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Although we’ve had a generous amount of sunshine for a London summer, rainier days have come and our days tanning in the park seem to be numbered. While there are still plenty of events exclusive to London summer on our agenda, the gloomy weather might just be the perfect opportunity to explore Aldgate’s most modern pop-culture venue. The Curzon Aldgate East opened its gates in January and has quickly made its way into our hearts as one of the most stylish cinemas in the East End. And, while it’s always offering a mixed and varied programme, there’s one particular title that has captured our interest this summer.
Not the classic summer blockbuster, Dunkirk is Christopher Nolan’s colossal take on the Allied evacuation of occupied France in 1940. But the battle has long finished before the opening credits even start to roll, as the film resists an easy categorization into an adrenaline-fueled account of war porn. Instead, as the director himself proclaims, he offers a story of survival, an immersive account delivered through his visceral storytelling that prioritises individual stories. An ingenious compression of time, an artifice preferred by Nolan, leads to the juxtaposition of three segments, ‘The Mole’, following the story on land, ‘The Sea’, using Mark Rylance’s character as emblematic of the sailors coming to the rescue of the stranded troops, and ‘The Air’, following Tom Hardy’s pilot into battle.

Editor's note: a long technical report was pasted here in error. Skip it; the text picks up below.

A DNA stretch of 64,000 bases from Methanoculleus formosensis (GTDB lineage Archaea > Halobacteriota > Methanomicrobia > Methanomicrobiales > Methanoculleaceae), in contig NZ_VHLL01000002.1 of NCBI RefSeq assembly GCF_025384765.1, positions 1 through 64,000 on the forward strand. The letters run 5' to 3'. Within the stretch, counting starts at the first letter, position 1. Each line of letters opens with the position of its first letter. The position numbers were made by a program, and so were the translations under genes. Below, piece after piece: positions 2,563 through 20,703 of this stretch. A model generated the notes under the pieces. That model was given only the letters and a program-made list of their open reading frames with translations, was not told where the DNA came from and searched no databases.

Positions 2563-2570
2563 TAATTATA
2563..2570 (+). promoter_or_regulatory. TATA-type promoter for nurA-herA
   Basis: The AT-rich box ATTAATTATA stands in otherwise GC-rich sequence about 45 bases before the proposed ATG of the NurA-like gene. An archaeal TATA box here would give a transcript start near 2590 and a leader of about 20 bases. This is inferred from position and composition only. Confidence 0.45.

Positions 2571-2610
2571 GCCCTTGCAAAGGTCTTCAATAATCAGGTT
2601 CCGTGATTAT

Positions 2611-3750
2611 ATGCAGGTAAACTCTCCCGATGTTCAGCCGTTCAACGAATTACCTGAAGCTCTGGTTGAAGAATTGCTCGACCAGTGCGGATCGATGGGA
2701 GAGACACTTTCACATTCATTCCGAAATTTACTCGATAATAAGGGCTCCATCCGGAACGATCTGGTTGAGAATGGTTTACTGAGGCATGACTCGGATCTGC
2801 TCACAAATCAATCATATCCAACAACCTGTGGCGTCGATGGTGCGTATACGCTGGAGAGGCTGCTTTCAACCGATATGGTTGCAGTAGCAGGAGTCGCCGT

Under Nolan’s ambitious direction, the stories interlace, the different time spans melting into each other as a result of the temporal elasticity, concluding in a sense of immediacy that brings about a collective reaction to the horrors of war. Nolan’s ‘sensory cinema’ does not invest in action sequences and the enemy remains a separate entity gravely felt but never seen. Topped by Hans Zimmer’s triumphant soundtrack that compensates for the minimal dialogue, this is a representation of the Dunkirk evacuation like no other, Nolan taking a well-known story and making it his own.
As the ambition behind it was to deliver ‘virtual reality without the goggles’, we’d have to say that the film should be watched in the bigger format around, preferably 70mm IMAX. Whether that might be available to you or not, we’re here to remind you that your Cuckooz nest is five minutes away from the Curzon Aldgate.